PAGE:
Is it time to get clearer on exactly why customers should prefer your company?There can be many attributes for which a product, service or entire company wants to be known: Fastest, cheapest, best quality, most features, most reliable, perfect for a specific situation, trusted, great customer service and more – the list of possibilities is endless. Continue reading
How often do your colleagues complain about your company’s website? Like many website managers of B2B companies, you’ve probably had conversations with people who are reluctant to use it in their daily business. It could be that it doesn’t truly reflect the company today. Or maybe the content doesn’t support the negotiations salespeople have with customers and the conversations Executive Management have with key stakeholders.
But that’s not how it’s meant to be. At the very least, the website needs to support the business; at best, it should drive business opportunities. So how can you achieve that?
As with any marketing or communications initiative, website planning involves some level of strategic planning. But rather than being an academic exercise, it must be a targeted, pragmatic approach that aligns your online presence with the company’s strategy, brand, offerings and value propositions – what I’ll call the four strategic pillars of the B2B company website.
Long before even beginning to consider a website structure and content, these four strategic pillars need to be defined and documented. Don’t leave a strategic stone unturned until you’re sure. Not only will you save time creating and building your website, but you’ll be confident that you’re making good decisions about architecture, design, usability and content. Indeed, this strategic planning will be the foundation for the website’s success.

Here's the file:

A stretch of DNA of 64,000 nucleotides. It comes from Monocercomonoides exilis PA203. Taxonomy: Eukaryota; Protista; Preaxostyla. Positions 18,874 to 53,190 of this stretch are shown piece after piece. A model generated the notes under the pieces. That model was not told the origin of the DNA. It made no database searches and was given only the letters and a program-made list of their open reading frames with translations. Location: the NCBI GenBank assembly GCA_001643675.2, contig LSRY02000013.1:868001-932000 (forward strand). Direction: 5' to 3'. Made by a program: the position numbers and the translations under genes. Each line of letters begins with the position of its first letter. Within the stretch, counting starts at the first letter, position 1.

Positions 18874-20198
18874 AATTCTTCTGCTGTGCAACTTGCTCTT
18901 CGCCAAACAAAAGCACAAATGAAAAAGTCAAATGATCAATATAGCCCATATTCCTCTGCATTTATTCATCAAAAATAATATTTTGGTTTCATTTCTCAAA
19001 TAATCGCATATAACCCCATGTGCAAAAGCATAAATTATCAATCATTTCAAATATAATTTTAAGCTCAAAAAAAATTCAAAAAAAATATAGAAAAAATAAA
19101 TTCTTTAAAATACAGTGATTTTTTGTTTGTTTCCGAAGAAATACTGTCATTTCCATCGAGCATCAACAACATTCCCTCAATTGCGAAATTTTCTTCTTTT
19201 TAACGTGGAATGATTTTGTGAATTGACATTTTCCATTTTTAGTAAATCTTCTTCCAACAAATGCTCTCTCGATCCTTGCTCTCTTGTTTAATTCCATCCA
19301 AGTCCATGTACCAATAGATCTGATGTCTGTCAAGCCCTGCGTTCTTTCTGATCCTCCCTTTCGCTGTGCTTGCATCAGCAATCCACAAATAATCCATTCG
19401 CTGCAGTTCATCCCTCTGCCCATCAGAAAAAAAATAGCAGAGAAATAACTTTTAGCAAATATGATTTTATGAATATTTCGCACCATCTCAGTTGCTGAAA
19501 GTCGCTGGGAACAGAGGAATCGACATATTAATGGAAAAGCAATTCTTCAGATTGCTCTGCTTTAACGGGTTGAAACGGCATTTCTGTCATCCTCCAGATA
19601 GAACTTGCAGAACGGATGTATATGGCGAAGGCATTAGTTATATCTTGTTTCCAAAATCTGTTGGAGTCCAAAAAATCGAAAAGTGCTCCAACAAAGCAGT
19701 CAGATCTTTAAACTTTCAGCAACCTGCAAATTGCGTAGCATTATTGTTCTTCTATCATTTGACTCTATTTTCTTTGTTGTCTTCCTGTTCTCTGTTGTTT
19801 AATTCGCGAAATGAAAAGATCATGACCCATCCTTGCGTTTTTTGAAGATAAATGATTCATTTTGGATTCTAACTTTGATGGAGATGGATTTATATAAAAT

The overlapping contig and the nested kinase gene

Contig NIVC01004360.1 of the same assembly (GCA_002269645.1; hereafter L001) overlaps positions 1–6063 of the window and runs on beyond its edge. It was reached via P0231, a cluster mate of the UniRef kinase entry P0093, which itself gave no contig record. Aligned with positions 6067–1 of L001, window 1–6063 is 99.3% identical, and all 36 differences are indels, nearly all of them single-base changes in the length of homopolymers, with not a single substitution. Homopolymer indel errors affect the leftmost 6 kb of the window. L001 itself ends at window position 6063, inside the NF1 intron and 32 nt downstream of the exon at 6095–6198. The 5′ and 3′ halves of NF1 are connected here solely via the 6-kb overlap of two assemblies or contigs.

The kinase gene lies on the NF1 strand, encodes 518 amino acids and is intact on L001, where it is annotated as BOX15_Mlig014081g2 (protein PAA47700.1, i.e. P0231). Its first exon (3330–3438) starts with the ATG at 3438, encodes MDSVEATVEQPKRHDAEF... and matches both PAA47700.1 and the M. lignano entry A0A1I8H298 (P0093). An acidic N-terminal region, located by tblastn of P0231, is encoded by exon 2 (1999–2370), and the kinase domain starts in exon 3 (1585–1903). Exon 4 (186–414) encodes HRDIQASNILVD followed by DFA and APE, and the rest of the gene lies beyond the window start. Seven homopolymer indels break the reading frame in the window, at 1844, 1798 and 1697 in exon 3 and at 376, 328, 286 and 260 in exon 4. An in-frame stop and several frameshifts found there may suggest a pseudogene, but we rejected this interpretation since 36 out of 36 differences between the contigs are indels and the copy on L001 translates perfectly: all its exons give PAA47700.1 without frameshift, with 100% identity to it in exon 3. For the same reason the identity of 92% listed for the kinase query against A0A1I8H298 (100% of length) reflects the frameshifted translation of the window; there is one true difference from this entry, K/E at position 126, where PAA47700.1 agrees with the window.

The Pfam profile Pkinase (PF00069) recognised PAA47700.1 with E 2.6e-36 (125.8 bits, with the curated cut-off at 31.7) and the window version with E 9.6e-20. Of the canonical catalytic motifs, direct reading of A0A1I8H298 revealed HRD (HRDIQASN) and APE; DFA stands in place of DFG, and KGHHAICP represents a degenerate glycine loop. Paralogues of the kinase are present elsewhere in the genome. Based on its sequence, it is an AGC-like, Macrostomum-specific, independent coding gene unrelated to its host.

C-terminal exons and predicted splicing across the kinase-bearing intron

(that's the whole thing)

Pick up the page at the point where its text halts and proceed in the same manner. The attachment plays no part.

How often have you read a B2B case story and thought that you’d seen it before, just from another supplier? Same old, same old.
I’ve seen it often. You realize that what you’re reading is another product brochure disguised as a customer case story.
I was recently involved in what could have been a very interesting story, covering the journey traveled by the company and customer. It was a journey describing a strong, long-standing relationship and the use of market-leading technology (sorry about the propaganda), careful attention to detail, and excellent customer service.
But, most interestingly, it also covered how the company solved unexpected challenges that arose during the implementation of the solution. Continue reading
There’s nothing like being forced out of your comfort zone to give you new ideas and inspiration. And what better way than rapid immersion in not just another business environment, but another culture?
This was the opportunity I was given on a recent visit to South Africa together with a group of business leaders from Denmark. Just a few hours after stepping off the long flight from Europe, we were released into Durban’s Central Business District. It’s a far cry from the sterile, grayscale business district of a northern European city. Colors and sounds line the pavements. People swarm over intersections, dodging the taxi vans, busses and occasional car. It’s an eclectic mix of cultures where urban dwellers dominate, but there are still plenty of people with obviously strong tribal roots.